A Personal Touch of Jeroen de Baaij

Baaij De , Jeroen

Please learn more about colleagues in our "Personal Touch" series setting employees in the spotlight. A light-hearted manner to learn about the colleagues you know and those you don't!.

This week: Jeroen de Baaij

 

 

 

 

 

1. Name & Nationality
Jeroen de Baaij, Dutch

2. When you were a kid what did you want to be when you grew up?
Teacher, Lawyer, Scientist, every week something else.

3. What was your previous academic training, where did you study?
In 2005, I started my academic study at the science faculty here in Nijmegen, where I studied Medical Biology. During my Bachelor's track I performed a 4-months internship at the University of Cádiz, where I studied the interaction between the thyroid axis and the stress axis in fish. Subsequently, I moved to Paris where I obtained my Master's degree in Physiology and Pathophysiology at the Université Pierre et Marie Curie in 2010. During my studies in Paris, I investigated the treatment of cystic fibrosis and the molecular mechanisms underlying atherosclerosis.

In 2010, I returned to Nijmegen for a PhD project at the Department of Physiology aiming to identify new genes in renal magnesium transport. I will defend my thesis "The Distal Convoluted Tubule: The Art of Magnesium Transport" at 21st of January 2015.

4. What is your current function and what would you like to achieve?
Currently, I am working as a postdoctoral researcher at the department of Physiology where I aim  to identify the genetic origins of electrolyte disorders such as hypomagnesemia. Patients with hypomagnesemia have muscle cramps, arrhythmias and epilepsy. How can we help these patients? I think that the only way to provide successful treatment is to understand the molecular and physiological mechanism of magnesium (re)absorption in the kidney and intestine. Therefore, I am studying the genes and proteins that are involved in renal magnesium transport. By combining genetic, cellular and animal studies, I try to identify and to characterize new genes in magnesium transport.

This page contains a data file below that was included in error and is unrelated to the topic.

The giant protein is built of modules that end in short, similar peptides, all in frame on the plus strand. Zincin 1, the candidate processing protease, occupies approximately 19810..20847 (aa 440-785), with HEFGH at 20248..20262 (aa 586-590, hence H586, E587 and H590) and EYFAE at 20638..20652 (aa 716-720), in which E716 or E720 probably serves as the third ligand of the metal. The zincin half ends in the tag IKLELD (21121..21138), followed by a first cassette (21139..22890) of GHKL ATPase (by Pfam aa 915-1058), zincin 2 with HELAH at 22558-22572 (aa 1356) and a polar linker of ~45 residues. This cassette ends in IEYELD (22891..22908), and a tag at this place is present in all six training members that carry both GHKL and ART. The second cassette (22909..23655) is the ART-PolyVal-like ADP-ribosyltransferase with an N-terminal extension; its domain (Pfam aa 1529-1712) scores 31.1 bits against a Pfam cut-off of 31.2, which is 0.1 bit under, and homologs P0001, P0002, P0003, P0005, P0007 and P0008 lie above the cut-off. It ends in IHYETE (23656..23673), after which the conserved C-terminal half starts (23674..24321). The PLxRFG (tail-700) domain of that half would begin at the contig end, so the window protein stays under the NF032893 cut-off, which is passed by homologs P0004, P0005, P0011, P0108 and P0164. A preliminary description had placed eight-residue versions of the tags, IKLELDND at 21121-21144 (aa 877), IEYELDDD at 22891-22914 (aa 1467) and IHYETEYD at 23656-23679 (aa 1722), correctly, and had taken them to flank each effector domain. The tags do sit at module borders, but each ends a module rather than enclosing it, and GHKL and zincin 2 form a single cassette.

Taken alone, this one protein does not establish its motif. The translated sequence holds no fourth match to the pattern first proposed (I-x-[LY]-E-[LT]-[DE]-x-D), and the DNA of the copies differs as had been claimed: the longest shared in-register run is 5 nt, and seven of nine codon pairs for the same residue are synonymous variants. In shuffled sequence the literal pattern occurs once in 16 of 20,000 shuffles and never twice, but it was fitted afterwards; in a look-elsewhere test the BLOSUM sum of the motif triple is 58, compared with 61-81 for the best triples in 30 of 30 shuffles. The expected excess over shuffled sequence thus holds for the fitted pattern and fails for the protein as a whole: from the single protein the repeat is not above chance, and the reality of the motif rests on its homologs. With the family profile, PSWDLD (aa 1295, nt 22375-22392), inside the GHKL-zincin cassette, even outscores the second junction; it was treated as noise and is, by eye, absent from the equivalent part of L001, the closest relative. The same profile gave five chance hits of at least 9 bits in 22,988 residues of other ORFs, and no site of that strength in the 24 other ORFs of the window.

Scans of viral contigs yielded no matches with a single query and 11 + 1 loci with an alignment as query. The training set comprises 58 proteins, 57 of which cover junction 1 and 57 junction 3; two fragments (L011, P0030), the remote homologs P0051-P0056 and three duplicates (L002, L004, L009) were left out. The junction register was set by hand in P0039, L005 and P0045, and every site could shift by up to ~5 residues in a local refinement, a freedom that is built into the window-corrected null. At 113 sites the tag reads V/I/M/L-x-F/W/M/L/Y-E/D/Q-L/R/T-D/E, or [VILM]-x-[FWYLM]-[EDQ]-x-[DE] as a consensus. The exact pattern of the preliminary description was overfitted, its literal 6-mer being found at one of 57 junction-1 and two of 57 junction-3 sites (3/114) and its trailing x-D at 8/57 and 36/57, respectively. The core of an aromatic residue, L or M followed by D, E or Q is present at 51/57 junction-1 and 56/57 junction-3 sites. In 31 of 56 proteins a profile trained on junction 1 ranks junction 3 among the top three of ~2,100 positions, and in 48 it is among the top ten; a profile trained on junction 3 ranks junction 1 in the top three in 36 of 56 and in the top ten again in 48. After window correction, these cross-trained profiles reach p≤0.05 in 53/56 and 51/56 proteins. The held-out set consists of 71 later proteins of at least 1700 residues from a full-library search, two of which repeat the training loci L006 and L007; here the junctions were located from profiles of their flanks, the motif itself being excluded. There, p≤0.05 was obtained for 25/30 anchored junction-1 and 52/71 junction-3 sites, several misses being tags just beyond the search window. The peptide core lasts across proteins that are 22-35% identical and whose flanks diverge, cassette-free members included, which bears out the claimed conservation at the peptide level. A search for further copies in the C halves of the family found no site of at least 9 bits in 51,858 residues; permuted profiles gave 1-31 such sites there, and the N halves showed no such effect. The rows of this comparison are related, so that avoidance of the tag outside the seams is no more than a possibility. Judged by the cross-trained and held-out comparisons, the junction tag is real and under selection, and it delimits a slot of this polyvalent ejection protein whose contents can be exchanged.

Additionally, I am initiating a new research line that will investigate the potential beneficial effects of magnesium in vascular calcification. This exciting new project will require me to spend some time at King's College in London over the next few years.

5. The RIMLS motto is 'to understand molecular mechanisms of disease'. What does this mean for you?
Understanding the molecular mechanisms of electrolyte disorders is the basis of my work. I enjoy the every day challenge to discover new mechanisms in the complex human body.

6. What is the biggest motivation in your work?
I want to understand how the human physiology works. Therefore, all my experiments are dedicated to increase this understanding. Moreover, the dynamics of a lab, working as a team towards a scientific goal feeds my continuous drive to develop new hypotheses and test these by experiments. I thoroughly enjoy collaborating within the lab, within the hospital but also with international collaborators and I feel that these collaborations are essential to achieve great scientific results.

7. What is your dream for the future?
Over the next decades I hope that we will be able to elucidate the mechanisms of ion transport in the kidney. Hopefully, my work can contribute to this challenging goal.

8. Fun-facts. State an interesting/obscure fact about yourself together with two that are false? Correct answer will be revealed to readers in the subsequent edition.
A: Sometimes I skip breakfast to save time and eat stroopwafels during the coffee break
B: I steal head and shoe covers from the animal facility to wear at parties
C: An insect lamp was installed in our lab because I attract flies

Correct answer will be revealed to readers in the subsequent edition.

=========================================================================================

Correct answer of Sarah Merkling: C

State an interesting/obscure fact about yourself together with two that are false
A: I once tasted the food we normally give to the flies.
B: I travelled to New York to visit the first fly lab in history at the University of Columbia.
C: I once talked with the French president in Amsterdam.

 


<< back to overview news items